by Caren Gussoff I’ve sat in a lot of panels — and eavesdropped on a bunch of conversations — lately, in which genre writers have asked, debated, and/or mused about crossing over from SFF magazines and journals into straight-up literary fiction ones. Seems to many, and I agree, that the notorious snobbery and befuddlement of […]
Archive for the ‘The Craft of Writing’ Category
This manual is intended to focus on the special needs of the science fiction workshop. Having an accurate and descriptive critical term for a common SF problem makes it easier to recognize and discuss. This guide is intended to save workshop participants from having to “reinvent the wheel” (see section 3) at every session.
If your writing features a richly detailed universe, full of names, places, and historical events, you may want to explore using a wiki to chronicle it. A wiki’s structure allows intricate details to be recorded in a way that both preserves it in an easy to locate fashion but also allows devoted fans to browse the longtime story of your work.
There’s a difference between being a writer and wanting to be a writer. There are plenty of conversations about it, about whether payment, time spent, or day jobs land you on either one side or the other. But the consensus seems to be one major thing: writers write.
Too often the burden of “genius” is placed on the fragile shoulders of individuals trying desperately to create, to live up to expectations, to outdo their own previous creations, and to essentially justify daring to call themselves artists (or writers, or musicians, etc.) to begin with.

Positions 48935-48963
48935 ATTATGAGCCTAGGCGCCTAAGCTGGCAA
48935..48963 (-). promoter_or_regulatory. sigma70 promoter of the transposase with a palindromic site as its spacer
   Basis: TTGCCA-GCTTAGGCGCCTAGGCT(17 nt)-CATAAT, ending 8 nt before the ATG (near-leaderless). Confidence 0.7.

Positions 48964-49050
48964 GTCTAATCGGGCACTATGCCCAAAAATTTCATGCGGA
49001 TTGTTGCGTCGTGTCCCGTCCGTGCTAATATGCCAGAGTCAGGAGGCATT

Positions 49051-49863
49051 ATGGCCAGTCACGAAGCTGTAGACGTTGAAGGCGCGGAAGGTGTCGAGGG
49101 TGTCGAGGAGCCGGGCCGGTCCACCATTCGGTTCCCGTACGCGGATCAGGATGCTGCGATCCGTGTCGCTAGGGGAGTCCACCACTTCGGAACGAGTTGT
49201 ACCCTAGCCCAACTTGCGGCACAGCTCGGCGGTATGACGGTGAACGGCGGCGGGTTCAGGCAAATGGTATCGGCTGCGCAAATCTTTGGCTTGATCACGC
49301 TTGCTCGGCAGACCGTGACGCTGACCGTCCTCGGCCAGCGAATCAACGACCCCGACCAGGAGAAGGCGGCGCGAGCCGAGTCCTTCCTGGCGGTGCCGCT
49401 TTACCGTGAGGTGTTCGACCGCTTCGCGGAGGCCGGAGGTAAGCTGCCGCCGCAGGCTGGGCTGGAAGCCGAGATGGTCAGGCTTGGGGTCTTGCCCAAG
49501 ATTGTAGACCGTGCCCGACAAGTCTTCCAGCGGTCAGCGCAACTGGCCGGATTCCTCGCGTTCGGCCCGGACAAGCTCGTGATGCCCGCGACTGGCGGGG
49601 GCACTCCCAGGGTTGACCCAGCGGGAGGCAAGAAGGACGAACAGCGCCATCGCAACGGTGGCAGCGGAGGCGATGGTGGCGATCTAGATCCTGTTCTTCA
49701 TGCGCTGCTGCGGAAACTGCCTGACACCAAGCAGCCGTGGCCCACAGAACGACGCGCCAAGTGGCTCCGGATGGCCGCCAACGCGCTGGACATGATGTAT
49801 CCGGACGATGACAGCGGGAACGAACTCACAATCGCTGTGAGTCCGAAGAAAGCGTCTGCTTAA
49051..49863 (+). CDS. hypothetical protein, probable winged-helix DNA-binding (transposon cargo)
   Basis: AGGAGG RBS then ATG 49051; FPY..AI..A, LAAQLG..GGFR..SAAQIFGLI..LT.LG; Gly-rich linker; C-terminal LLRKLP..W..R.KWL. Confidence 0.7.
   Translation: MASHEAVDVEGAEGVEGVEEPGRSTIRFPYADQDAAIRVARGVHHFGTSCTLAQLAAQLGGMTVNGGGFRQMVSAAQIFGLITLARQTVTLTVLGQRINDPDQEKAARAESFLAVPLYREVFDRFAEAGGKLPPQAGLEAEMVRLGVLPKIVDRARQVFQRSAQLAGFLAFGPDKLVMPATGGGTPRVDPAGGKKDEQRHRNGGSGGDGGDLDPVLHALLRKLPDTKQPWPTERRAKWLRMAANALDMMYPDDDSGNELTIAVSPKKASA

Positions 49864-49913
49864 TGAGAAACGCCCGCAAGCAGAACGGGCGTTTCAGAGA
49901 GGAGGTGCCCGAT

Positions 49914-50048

It’s 2130 on a Saturday night, and I’m alone in my apartment, in front of my laptop.
I can’t shake the feeling that there’s some amazing party, filled with fascinating people, somewhere nearby. Artists and intellectuals and adventurers, all mixing and charging the air with stories. I wasn’t invited.
et’s say you are sitting at your desk, with something to write, and you notice some anxiety, and an urge to go instead to one of your favorite distractions.
And let’s also say you decided to adopt my approach, the Obstacle is the Path.
Since I can’t tell why, for sure, a story was rejected, I keep submitting to places that meet my minimum requirements. When I run out of places, I put the story in a folder that’s labeled ‘stories I still believe in’ and I review it once in a while.
A short story is like a pie because, first, you can do one relatively quickly. Second, everyone likes pie.
Third, with both short stories and pie, you can use the finest ingredients in the world and still come up with an inedible mess.
MFA Programs and the efficacy or use thereof tend to come up in discussion periodically. For those of you interested, here is a run down of the types of programs and what to expect. I personally have an MFA in Poetry from Southern Illinois University in Carbondale and am currently looking into applying for a second MFA, this time in Fiction. I might be addicted to school. Or it might be that MFA programs really are just that awesome.